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Madison is the first city to go 100% electric for its bike share

E-bikes are booming in popularity, so Wisconsin’s capital decided to convert 100% of its fleet to electric-assist bikes in the hopes of getting more people to ride.

Madison is the first city to go 100% electric for its bike share
[Photo: Trek/BCycle]

If you ride bike share in Madison, Wisconsin, you’d better prepare yourself for your commute to get a lot quicker.

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As of June 18, BCycle, the local bike share, became the first citywide system in the U.S. to transition its fleet entirely to electric-assist bicycles. “We have seen the e-bike trend in the larger bike business exploding in the past few years, and we’re so excited for it to come into bike share,” says Morgan Ramaker, exeutive director at BCycle.

BCycle is a nationwide bike-share provider owned by Trek Bikes, which is based near Madison in Wisconsin. With 47 dock-based systems across the U.S., including Indego in Philadelphia and B-Cycle in Houston, BCycle is one of the largest providers in the country. Though it’s privately owned, it works closely with local governments in each city where it has a presence to understand local needs.

BCycle ran a pilot of its electric-assist bicycles in several cities last fall in advance of the full-city rollout. “We saw ridership rise anywhere from double to up to five times the number of trips when we introduced e-bikes,” Ramaker says. Such findings are far from unique to BCycle: Motivate, which manages bike-share systems in places like the Bay Area and New York, saw a similar uptick in ridership when it began electrifying part of its fleets. And in cities like Seattle, dockless bike-share startups like Lime and Jump are now only offering electric bikes.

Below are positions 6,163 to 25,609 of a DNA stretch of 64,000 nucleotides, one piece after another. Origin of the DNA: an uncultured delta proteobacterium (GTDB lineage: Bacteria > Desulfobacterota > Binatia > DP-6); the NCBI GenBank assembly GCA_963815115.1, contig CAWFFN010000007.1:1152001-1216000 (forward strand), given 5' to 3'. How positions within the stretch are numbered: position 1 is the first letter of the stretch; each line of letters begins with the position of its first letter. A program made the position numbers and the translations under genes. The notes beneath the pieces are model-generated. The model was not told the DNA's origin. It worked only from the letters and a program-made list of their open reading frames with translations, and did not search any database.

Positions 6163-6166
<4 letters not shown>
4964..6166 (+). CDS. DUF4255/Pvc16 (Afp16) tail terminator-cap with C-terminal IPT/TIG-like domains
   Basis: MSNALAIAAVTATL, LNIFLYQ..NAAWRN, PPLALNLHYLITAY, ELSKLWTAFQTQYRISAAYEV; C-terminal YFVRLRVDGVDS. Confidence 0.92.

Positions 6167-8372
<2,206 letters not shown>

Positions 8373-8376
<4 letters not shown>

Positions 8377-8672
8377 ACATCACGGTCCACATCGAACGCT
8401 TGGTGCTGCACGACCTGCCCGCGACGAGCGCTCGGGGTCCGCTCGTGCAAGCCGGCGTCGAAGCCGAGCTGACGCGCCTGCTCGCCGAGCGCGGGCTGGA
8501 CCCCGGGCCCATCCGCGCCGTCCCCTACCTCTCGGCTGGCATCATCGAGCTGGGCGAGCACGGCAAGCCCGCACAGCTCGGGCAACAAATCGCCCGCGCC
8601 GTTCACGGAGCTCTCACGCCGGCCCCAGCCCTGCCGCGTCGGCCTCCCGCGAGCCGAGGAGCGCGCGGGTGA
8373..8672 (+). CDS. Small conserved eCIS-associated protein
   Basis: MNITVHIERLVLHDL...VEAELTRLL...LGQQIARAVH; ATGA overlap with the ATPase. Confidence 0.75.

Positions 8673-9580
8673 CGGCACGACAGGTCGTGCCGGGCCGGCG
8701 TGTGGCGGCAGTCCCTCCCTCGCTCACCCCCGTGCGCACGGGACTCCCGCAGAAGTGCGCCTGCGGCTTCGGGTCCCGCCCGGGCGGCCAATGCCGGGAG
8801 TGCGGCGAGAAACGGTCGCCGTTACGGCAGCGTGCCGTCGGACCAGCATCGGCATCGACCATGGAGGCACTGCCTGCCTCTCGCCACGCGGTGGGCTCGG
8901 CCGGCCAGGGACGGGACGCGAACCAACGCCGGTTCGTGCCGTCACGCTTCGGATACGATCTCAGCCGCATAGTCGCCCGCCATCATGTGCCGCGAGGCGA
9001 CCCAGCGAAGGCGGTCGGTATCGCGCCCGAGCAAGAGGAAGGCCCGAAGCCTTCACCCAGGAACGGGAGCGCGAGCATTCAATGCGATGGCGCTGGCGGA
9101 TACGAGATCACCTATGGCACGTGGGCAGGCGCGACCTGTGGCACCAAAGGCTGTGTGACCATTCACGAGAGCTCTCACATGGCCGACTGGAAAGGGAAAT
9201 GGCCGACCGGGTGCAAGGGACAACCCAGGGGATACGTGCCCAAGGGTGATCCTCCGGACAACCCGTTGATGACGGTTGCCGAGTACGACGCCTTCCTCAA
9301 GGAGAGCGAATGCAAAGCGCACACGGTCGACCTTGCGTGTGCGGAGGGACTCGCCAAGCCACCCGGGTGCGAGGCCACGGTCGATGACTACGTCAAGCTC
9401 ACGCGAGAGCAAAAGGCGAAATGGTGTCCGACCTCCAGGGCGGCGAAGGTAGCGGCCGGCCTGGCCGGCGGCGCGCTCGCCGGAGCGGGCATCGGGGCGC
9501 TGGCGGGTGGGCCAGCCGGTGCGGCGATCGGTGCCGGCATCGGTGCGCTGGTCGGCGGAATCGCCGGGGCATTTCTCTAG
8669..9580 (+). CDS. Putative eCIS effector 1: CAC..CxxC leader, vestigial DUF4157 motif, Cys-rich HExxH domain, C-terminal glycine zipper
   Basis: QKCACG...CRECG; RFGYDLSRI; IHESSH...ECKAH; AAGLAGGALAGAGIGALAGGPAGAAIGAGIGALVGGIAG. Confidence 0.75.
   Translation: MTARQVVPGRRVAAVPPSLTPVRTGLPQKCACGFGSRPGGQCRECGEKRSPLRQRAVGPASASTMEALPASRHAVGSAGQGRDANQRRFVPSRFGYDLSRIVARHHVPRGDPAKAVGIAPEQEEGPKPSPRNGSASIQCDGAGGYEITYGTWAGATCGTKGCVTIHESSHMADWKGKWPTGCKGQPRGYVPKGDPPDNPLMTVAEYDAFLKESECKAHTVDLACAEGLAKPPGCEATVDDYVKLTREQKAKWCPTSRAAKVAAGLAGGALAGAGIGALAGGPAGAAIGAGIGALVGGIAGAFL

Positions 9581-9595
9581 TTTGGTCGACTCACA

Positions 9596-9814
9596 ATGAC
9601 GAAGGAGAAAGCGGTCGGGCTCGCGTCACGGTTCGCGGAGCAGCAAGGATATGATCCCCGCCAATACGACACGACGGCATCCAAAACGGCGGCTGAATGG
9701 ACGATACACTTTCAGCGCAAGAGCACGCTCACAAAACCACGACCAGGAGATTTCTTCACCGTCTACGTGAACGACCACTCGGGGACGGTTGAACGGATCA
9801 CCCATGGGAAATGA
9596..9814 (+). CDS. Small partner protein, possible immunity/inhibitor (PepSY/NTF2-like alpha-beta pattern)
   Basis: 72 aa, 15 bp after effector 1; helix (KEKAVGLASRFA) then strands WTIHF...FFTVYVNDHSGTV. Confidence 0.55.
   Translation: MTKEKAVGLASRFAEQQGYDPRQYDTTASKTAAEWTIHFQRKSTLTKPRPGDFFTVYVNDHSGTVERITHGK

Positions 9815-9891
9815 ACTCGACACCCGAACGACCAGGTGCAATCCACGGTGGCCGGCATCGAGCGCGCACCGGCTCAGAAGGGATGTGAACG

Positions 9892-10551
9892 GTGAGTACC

The reason: E-bikes are simply easier for people to ride. The extra push from a motor makes previously unconquerable hills manageable, and for people with mobility issues, older residents, or those who have not biked in a long time, the assist makes cycling more accessible. Especially as cities are recognizing the need to prioritize low-carbon transit options in the face of climate change, biking (which only around 2% of the population currently uses as mode of transit) has gained momentum as a solution. And e-bikes seem to be effective in closing the distance between the “avid cyclist” commuter set (typically fit, middle-age men who commute in spandex) and people who just want a reliable and efficient way to get around their city.

“E-bikes are something that re-excite people about bike share and reach new people that we haven’t been able to before,” Ramaker says. To that end, Madison and BCycle wanted the switch from regular, pedal-powered bikes to e-bikes to be swift. The day before the official launch of the all e-bike system, they pulled the old red bikes from the docks and quickly brought in e-bikes to replace them. The old bikes that are still in good shape, Ramaker says, will be donated to World Vision, a nonprofit that helps children living in poverty; some bikes that can’t be donated because of their condition may still have parts that can be recycled into e-bikes.

The switch will come at a higher cost to users: Annual memberships will go up from $65 to $100. But for lower-income people for whom the cost of membership is prohibitive, BCycle will continue to provide it for free through partnerships with several community-based organizations.

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About the author

Eillie Anzilotti is an assistant editor for Fast Company's Ideas section, covering sustainability, social good, and alternative economies. Previously, she wrote for CityLab.

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